Well, now back to the walk in the park where Justin and Georgina put things into perspective for me. They pointed out that I am constantly either living in the past or living in fear of the future. At first I didn't understand what they meant, but after some thought it made perfect sense. I do still view myself as the awkward clumsy girl with numerous insecurities and forget I’m actually a fairly confident young woman with huge potential. And yes the future does frighten me, cause I’m always chasing something that I cannot achieve fast enough, which frustrates me and leads to disappointments, meanwhile I should be focusing my energy on the present and how wonderful things are in the “NOW”, however this is much easier said than done. But before I get to soppy or dramatic, don’t get me wrong my life up to now has been nothing short of a whirl-wind of fun and there is plenty more to come.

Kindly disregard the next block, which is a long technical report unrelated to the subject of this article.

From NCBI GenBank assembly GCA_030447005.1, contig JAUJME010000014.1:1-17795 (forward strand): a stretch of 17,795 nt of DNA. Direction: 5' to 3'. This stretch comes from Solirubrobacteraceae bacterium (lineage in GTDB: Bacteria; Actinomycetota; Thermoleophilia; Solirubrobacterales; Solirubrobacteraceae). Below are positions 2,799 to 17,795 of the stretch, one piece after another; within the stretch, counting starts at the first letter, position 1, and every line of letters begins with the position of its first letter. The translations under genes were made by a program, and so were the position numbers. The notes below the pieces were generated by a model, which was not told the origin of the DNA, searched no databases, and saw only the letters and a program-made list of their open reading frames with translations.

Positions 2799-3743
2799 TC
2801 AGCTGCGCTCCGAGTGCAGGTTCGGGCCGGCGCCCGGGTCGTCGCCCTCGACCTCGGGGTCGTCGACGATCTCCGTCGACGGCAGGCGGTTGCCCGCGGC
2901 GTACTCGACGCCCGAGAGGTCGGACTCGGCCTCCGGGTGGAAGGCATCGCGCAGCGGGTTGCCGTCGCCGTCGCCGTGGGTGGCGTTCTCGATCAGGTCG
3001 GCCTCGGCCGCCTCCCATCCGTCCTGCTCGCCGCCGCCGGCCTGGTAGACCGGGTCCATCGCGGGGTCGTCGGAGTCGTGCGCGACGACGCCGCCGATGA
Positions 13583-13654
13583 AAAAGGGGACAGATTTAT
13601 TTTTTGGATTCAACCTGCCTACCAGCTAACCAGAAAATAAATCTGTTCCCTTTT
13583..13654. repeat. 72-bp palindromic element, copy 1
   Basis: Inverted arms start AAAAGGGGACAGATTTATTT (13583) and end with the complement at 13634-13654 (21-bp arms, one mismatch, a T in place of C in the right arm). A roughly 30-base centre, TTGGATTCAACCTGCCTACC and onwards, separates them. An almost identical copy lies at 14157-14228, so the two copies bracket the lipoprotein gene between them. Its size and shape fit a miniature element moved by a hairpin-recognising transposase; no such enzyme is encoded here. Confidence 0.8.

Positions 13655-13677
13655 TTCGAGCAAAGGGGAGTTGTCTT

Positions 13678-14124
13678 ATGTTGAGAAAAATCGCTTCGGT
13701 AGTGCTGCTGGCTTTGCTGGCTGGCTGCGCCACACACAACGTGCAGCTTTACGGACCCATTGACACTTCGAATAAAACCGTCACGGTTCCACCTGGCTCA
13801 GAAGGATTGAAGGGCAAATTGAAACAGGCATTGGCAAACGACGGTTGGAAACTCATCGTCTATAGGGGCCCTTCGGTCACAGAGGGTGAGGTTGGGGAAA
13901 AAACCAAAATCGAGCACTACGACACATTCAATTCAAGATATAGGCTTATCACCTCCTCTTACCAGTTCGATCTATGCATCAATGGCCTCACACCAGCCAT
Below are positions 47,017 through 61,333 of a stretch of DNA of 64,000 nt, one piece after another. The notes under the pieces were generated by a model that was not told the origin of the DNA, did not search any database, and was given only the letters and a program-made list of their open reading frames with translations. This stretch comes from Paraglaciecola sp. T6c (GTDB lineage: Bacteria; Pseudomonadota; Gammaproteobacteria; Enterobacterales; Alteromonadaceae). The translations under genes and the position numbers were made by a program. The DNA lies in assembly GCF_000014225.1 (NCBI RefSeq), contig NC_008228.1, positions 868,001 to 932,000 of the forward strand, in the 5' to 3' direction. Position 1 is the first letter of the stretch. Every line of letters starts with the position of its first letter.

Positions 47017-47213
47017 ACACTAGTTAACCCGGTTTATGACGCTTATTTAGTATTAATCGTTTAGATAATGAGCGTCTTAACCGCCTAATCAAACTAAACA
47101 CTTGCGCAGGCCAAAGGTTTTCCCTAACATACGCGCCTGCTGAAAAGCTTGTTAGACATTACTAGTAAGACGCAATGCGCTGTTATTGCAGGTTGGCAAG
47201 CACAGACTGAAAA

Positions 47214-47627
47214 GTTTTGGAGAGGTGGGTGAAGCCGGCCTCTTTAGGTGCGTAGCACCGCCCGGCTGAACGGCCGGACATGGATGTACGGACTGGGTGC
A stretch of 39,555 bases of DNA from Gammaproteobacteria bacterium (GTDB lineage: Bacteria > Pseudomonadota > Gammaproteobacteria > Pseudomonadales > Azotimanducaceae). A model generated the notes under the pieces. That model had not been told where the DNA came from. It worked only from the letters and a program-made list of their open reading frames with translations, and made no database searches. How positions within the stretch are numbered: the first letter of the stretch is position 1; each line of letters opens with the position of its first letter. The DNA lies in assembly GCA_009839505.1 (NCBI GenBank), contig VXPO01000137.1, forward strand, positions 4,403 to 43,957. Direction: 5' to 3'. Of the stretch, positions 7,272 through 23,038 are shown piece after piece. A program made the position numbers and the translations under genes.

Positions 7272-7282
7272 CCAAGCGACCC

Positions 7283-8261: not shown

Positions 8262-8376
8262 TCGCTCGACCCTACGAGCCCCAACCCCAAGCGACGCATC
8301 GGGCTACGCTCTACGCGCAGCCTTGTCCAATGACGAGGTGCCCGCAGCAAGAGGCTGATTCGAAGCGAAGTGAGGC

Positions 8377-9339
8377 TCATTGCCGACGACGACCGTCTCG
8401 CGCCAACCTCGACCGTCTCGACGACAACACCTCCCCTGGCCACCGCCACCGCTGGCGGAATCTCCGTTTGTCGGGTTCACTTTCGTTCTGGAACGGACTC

With fresh ideas and a positive outlook, I began brainstorming what I truly want to do in the years to come. I could easily just jump onto mega yacht owner by yet another billionaire and continue on the path of a cocktail making queen, or house-sit a multi-millionaires Villa in Ibiza for a few months or even become a highly paid private chalet girl in Switzerland, which basically means keep the place cozy and enjoy skiing for 4 months while being paid. However as wonderful as all the jobs may sound I was hesitant and never truly satisfied, because it was almost too easy, if that makes sense and I actually got a bit bored with the lack of challenges. So this is when my research allowed me to come across the Tour d' Afrique, and cycling challenge from Cairo to Cape Town.